A bad experience with RedHat and Novell
Posted May 9, 2007 23:12 UTC (Wed) by hazelsct
In reply to: A think tank's view of free software
Parent article: A think tank's view of free software
> At the bottom of the stack, if you are a small operation you can buy a commercial support contract, see www.redhat.com or www.novell.com for details. Clue, neither company is selling a 'product', they sell support and at least RedHat is selling enough to jump to the 'big board.' Novell is working hard on catching up. So if 'support' is what ya just have to have give either one of em a call and a sales weasel will be right with ya to power close a deal just like you are accustomed with whoever you are wistfully comparing open source with.
I regretfully have to say this has not been my experience. I am a Debian developer going on six years, and Linux user and enthusiast for nine years. But I am paid to do engineering not system admin, and in any case we wanted a partner who would be around in case I left. So we went shopping for a Linux shop to provide a server, software and support for our mixed Windows-Mac-Linux (me) shop, and I was confident we'd find just such a "sales weasel" to "power close a deal".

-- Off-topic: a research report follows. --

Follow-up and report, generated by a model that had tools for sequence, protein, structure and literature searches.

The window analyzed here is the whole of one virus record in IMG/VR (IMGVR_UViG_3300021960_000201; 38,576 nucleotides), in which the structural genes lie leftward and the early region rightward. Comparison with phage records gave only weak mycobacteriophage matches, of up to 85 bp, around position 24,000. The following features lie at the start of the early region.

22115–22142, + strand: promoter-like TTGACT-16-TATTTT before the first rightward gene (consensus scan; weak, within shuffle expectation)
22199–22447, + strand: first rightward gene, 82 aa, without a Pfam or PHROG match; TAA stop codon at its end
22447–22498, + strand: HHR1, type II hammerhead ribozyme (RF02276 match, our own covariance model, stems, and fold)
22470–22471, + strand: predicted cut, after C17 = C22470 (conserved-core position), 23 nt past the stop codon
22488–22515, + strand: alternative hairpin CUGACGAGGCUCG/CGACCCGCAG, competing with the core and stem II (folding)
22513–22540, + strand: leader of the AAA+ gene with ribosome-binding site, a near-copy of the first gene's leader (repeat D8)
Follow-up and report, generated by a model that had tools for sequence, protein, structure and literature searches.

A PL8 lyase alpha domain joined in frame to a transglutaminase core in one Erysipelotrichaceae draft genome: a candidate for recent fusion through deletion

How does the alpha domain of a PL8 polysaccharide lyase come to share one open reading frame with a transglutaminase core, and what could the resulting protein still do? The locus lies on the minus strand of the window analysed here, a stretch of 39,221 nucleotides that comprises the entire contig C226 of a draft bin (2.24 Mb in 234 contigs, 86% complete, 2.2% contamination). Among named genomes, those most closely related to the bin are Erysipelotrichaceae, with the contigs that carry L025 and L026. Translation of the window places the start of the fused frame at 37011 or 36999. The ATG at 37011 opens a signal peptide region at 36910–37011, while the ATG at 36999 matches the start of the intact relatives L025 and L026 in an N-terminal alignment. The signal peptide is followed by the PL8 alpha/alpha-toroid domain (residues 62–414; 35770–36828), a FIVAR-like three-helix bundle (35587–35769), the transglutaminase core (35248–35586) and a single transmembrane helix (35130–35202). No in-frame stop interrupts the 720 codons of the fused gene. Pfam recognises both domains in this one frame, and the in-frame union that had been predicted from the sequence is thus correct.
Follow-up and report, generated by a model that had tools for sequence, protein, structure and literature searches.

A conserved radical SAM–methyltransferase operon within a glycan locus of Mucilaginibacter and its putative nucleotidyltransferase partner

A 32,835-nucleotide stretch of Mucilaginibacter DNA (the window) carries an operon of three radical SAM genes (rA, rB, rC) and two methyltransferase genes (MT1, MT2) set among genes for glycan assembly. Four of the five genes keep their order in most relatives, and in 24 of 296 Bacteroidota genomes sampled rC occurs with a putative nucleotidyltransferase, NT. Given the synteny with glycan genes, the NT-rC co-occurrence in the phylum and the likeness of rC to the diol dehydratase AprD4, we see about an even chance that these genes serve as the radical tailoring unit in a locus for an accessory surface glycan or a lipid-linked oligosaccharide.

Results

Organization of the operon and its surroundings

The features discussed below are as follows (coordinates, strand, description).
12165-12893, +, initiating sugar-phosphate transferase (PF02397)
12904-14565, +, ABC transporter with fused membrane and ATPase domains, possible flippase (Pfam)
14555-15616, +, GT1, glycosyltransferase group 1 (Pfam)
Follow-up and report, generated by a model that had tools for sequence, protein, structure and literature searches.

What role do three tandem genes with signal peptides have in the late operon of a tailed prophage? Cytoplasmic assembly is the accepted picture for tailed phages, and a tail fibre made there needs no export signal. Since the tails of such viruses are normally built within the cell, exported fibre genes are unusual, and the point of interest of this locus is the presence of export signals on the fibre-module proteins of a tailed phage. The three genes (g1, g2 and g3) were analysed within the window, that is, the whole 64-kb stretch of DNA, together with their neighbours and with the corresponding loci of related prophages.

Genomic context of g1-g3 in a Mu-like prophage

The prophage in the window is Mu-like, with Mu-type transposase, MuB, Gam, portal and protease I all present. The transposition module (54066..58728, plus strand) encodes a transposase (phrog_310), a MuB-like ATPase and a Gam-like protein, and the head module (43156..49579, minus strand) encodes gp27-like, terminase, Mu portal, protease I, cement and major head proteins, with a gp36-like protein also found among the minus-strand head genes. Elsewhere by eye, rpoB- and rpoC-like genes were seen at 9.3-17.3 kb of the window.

Unfortunately, neither RedHat nor Novell put anything good forward. RedHat referred me to their list of RHCEs. Out of five outfits, only two replied to me: one was a one-man shop (not an option if you hope your business stays around longer than that one man), and the other didn't seem to want to do business with such a small firm as ours.
Novell was worse: they forwarded my inquiry to an internal sales rep who took TWO WEEKS to get back to me, then sent a single email referring me to a local Novell vendor. So I contacted the vendor, which sent a secretary to "assess our needs" -- who had NO CLUE about our technical issues. Totally unacceptable.
The message I got was: unless you're a Fortune 500 company, neither RedHat nor Novell wants to deal with you, nor are their supposed legions of business partners competent to do so. There are a lot more MSCEs (or is it MCSEs?) in the world, and the competition is producing higher quality.
As for our business, we will likely get a Windows server, as the "safer" option. I will remain a Debian developer, as I love the stuff, but am sadly disillusioned by the lackluster performance of the two "market leaders", and now understand why we are getting no traction in the SMB market. For the sake of the community, I hope others' experience has not been as bad as ours.
to post comments)